• On classes, the class line, class struggle and the two-line struggle. Since Marxism is never taught in a serious way even in the Universities, the notion of classes, class analysis and class struggle has hitherto been vague at best, and often regarded with an anti-communist bias. With the GPCR, such slogans as "Never forget class struggle” and "Take class struggle as the key link” helped prod the Filipino activists to grasp the class line in making an objective analysis of classes in Philippine society and adopt strategy and tactics along the revolutionary class line, especially in United Front work.

• On ideological remoulding. "Serve the people” was perhaps the most resounding and oft-repeated call inspired by the GPCR during the late 1960s and well into the 1970s. Thousands of Filipino activists, mostly from the youth, wholeheartedly cast aside self-interest and ambition to become committed, "fulltime” activists "serving the people wholly and entirely”. They saw the need for and practiced criticism and self-criticism, simple living and hard struggle.

"The need for ideological struggle and ideological remoulding—this is the most important lesson from the GPCR that has served our (Philippine) movement well, and made a profound impact in forming the "core” of the mass movement,” concludes Prof. Monico Atienza, one of the students who had travelled to China in the 1960s and became a fulltime activist and cadre of the national democratic movement upon his return.

• On the correctness of armed struggle. "To rebel is justified”, "Political power grows out of the barrel of a gun” – These are two of the best known and most often repeated quotations from the "Red Book”. Mao Zedong Thought underscored the need for armed struggle in order to overthrow the reactionary ruling system. It debunked the notion of parliamentary struggle as the main form in the struggle for genuine national freedom and democracy.

• On the mass line. "Trust the masses, rely on the masses”;”Learn from the masses”; "The people, and the people alone, are the motive forces of history” These quotations address the question, "Who are the real heroes?” and disbuse those of urban petty-bourgeois origin of the notions of superiority. Thousands of students and professionals took these slogans to heart, joined the workers in the picketlines and streamed to the countryside to live and struggle with the toiling masses and never regretted it. Moreover, the slogans underscore the need for self-reliance under conditions of relative geographic isolation and the difficulty of obtaining material support from fraternal and friendly parties.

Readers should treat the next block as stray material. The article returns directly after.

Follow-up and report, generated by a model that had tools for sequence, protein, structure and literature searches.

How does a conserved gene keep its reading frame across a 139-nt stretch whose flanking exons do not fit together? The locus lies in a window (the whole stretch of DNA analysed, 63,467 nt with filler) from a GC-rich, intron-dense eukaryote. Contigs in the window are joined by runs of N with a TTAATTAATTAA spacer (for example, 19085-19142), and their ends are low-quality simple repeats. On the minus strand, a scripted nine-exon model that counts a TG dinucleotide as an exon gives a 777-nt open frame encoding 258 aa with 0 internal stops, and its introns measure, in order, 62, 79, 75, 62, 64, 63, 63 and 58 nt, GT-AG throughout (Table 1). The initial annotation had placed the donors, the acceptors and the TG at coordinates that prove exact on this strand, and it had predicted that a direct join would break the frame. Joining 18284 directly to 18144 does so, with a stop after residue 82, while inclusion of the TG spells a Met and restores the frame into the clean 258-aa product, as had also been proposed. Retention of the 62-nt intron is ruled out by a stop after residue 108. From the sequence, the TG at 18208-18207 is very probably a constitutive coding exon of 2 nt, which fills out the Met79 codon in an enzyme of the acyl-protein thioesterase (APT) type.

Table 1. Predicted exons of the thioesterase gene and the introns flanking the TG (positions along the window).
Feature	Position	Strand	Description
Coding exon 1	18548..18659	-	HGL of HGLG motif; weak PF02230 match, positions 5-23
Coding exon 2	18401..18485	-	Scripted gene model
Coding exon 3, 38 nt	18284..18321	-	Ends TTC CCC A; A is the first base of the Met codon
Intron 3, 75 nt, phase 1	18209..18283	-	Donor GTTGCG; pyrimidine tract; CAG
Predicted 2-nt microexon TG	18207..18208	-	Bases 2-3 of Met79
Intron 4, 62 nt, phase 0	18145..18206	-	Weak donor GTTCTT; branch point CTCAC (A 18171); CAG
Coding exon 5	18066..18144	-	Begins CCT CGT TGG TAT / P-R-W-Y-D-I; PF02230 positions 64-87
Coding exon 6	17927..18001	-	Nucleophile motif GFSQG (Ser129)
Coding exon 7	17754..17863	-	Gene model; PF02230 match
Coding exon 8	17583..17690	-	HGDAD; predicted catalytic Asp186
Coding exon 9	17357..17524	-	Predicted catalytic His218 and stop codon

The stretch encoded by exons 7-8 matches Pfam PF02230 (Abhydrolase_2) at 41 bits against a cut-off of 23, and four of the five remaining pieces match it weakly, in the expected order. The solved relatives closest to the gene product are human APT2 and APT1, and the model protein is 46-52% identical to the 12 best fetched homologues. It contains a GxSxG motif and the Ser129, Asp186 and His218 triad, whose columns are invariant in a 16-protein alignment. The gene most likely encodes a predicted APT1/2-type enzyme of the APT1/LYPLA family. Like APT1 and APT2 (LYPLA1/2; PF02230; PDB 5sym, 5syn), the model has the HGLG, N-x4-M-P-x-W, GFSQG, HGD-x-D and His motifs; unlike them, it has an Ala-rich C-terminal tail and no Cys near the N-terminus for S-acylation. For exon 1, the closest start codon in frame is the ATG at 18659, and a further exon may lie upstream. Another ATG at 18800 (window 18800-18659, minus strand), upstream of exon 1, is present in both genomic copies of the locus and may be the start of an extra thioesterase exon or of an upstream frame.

• On militance and daring in mass struggles. "Dare to struggle, dare to win!”; (Makibaka, Huwag Matakot!) – Mass actions launched by the national democratic activists were conspicuously more militant, daring and "radical” than those of the reformist groups.

• On proletarian internationalism. "Learn from Norman Bethune!” The spirit of proletarian internationalism was constantly underscored by reference to Norman Bethune and by citing the advance and victory of the Philippine national democratic struggle as our most important contribution to the international proletarian struggle

• On the anti-revisionist line and the struggle between two lines- "Bombard the bourgeois headquarters within the party”. The GPCR alerted the Filipino activists and cadres to the importance of continuing to wage revolution to advance and consolidate socialism, combat modern revisionism and prevent capitalist restoration.

• On study and correct methods of thinking. "Reform our study!” "Oppose book worship!”, "Shoot the arrow at the target.” "One divides into two.”

Just as in China and particularly during the GPCR where abstract principles and complex ideas are distilled and concentrated into shorter, more easily digestible sentences and slogans, so too in the Philippines these slogans were more easily understood and propagated because they were simple, easy to remember, and, in the first place, appropriate and applicable.

Articles were written on the GPCR and on Mao Zedong Thought in The Activist, the publication of SCAUP, and the Philippine Collegian, the University of the Philippines student organ, and in some other school papers. .

The "Red Book” and the Five Golden Rays

The Quotations from Chairman Mao Tse-tung and The Five Golden Rays are outstanding and indisputable examples of the extent and degree by which Mao Zedong Thought and the GPCR had impacted on the Philippine new democratic movement at its early stage of revitalization.

The pamphlet entitled The Five Golden Rays contained five short articles by Mao with a study discussion after each article. Widely reprinted and constantly read and discussed, it must have been read by each and every activist in the movement dozens of times. Since this pamphlet first appeared in the Philippines, these five articles had been incorporated in the the Basic Study Course (Araling Aktibista) for activists as well as CPP members. It can be seen from the contents of the five articles why these have served as useful guides for ideological remoulding and improving the performance of one's tasks: